We remember first’s in genres-the initial explorers in the said field, experimenting with styles and challenging expectations-and as well we might for without this invention music, anything in fact becomes stagnant.
But what of the pioneers who run through that open door created, that perfect musical styles and then continue to challenge and bring something interesting to the table?
Clawfinger were there from the virtual inception, mixing metal, industrial and rap together as only a group of Swede’s could. Their first release ‘Deaf, dumb blind’ is still as fresh as it was in 93 and just as controversial- six albums on and the question is ‘Is the new album as good”- but it’s the wrong question.
The real question is “Is it any good?” and the answer is yes, it’s fucking great. Y’see it’s comparable to previous material because of the machines that made it, but remember, most ears that hopefully will hear this have possibly never heard of this band so it’s immaterial if it sounds better worse or anything like previous work.
That said fans that have stayed with Clawfinger throughout their career shouldn’t see it as a return to form, because frankly they never lost it, more as a fighter who’s gone away and studied the best way to assault his opponent it just so happens that opponent is your head.
The sheer industrial weight of ‘Life will kill you’ & ‘The price we pay’ encapsulates the popular themes Clawfinger tackle; the struggle of life and an intelligent look at how to deal with it.
Clawfinger address subjects that are familiar with metal and heavy music with a cerebral and alternative perspective. Whereas Slayer may have wrote ‘Jihad’ with the intention of shock, Clawfinger have tackled suicide bombing with ‘Final Stand’ switching the perspectives again and leaving you altogether more traumatised.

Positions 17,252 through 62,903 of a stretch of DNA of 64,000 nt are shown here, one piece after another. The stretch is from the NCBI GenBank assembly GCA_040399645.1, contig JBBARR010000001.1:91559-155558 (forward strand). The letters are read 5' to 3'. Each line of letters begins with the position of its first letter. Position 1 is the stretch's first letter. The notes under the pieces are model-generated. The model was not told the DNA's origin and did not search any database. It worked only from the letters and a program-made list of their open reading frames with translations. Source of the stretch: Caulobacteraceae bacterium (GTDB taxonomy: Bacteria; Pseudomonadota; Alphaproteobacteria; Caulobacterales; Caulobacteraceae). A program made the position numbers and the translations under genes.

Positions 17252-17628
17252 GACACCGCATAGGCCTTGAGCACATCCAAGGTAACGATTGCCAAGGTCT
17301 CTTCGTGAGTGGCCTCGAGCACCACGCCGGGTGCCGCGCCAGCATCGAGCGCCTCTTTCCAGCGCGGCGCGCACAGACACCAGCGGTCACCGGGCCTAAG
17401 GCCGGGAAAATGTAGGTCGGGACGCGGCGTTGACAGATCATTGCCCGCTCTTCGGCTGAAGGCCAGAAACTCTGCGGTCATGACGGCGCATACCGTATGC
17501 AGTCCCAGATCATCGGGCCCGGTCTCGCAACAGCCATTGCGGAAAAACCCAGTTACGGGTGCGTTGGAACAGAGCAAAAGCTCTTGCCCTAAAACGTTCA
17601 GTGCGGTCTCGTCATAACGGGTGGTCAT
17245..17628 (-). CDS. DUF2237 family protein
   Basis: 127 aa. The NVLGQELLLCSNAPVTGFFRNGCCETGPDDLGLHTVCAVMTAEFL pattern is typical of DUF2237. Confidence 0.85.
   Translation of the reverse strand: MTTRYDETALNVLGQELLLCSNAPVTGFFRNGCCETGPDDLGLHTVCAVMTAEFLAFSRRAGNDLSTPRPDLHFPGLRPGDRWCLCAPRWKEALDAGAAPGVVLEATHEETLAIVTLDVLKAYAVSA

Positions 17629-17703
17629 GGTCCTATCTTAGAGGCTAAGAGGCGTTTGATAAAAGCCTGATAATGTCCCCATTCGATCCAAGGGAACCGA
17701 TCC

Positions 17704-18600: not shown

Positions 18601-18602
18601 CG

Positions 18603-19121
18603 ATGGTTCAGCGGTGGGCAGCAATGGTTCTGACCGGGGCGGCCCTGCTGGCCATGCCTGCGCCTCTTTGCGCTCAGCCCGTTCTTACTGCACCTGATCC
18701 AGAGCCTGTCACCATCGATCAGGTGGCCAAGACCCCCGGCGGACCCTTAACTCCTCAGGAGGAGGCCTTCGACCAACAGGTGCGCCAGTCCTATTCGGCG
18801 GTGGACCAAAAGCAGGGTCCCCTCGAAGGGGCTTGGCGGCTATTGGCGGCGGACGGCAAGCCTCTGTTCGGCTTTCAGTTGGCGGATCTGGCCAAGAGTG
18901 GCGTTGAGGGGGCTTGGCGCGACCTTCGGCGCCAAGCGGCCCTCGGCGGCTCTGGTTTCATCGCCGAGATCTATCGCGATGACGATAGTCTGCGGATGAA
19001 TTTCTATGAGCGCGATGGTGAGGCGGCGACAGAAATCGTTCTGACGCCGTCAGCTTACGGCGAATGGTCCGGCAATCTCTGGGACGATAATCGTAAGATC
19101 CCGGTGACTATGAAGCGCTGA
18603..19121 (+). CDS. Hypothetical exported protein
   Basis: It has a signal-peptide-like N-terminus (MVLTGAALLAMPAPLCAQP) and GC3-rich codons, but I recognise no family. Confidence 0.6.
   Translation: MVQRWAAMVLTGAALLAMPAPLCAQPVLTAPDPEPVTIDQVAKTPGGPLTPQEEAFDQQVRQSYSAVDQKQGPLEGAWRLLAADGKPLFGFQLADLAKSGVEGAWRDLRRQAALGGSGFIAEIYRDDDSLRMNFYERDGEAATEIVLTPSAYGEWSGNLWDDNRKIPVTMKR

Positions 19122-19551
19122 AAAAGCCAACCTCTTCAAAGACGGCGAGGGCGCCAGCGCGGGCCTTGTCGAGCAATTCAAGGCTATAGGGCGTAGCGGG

You really have to ask when was the last time a band covered such topics as ‘Little baby’, detailing child abuse in a manner that’s made to shock and revile you away from the speaker.
‘Prisoners’ and ‘None the wiser’ with it’s -Dave Mustaine clashing with Dino Cazares style riff – are the strongest pieces here and their lineage with the likes of Pitchshifter and Fear factory is cemented.
Some may see ‘Where do we go from here?’ as something of a prophecy for telling of a lack of ideas, but this is untrue-Clawfinger simply need to continue, to exist, to challenge.
Life Will Kill You is pissed off, but in the way that it’s jabbing at the side of its head with one finger -sometimes until it bleeds- urging you to think.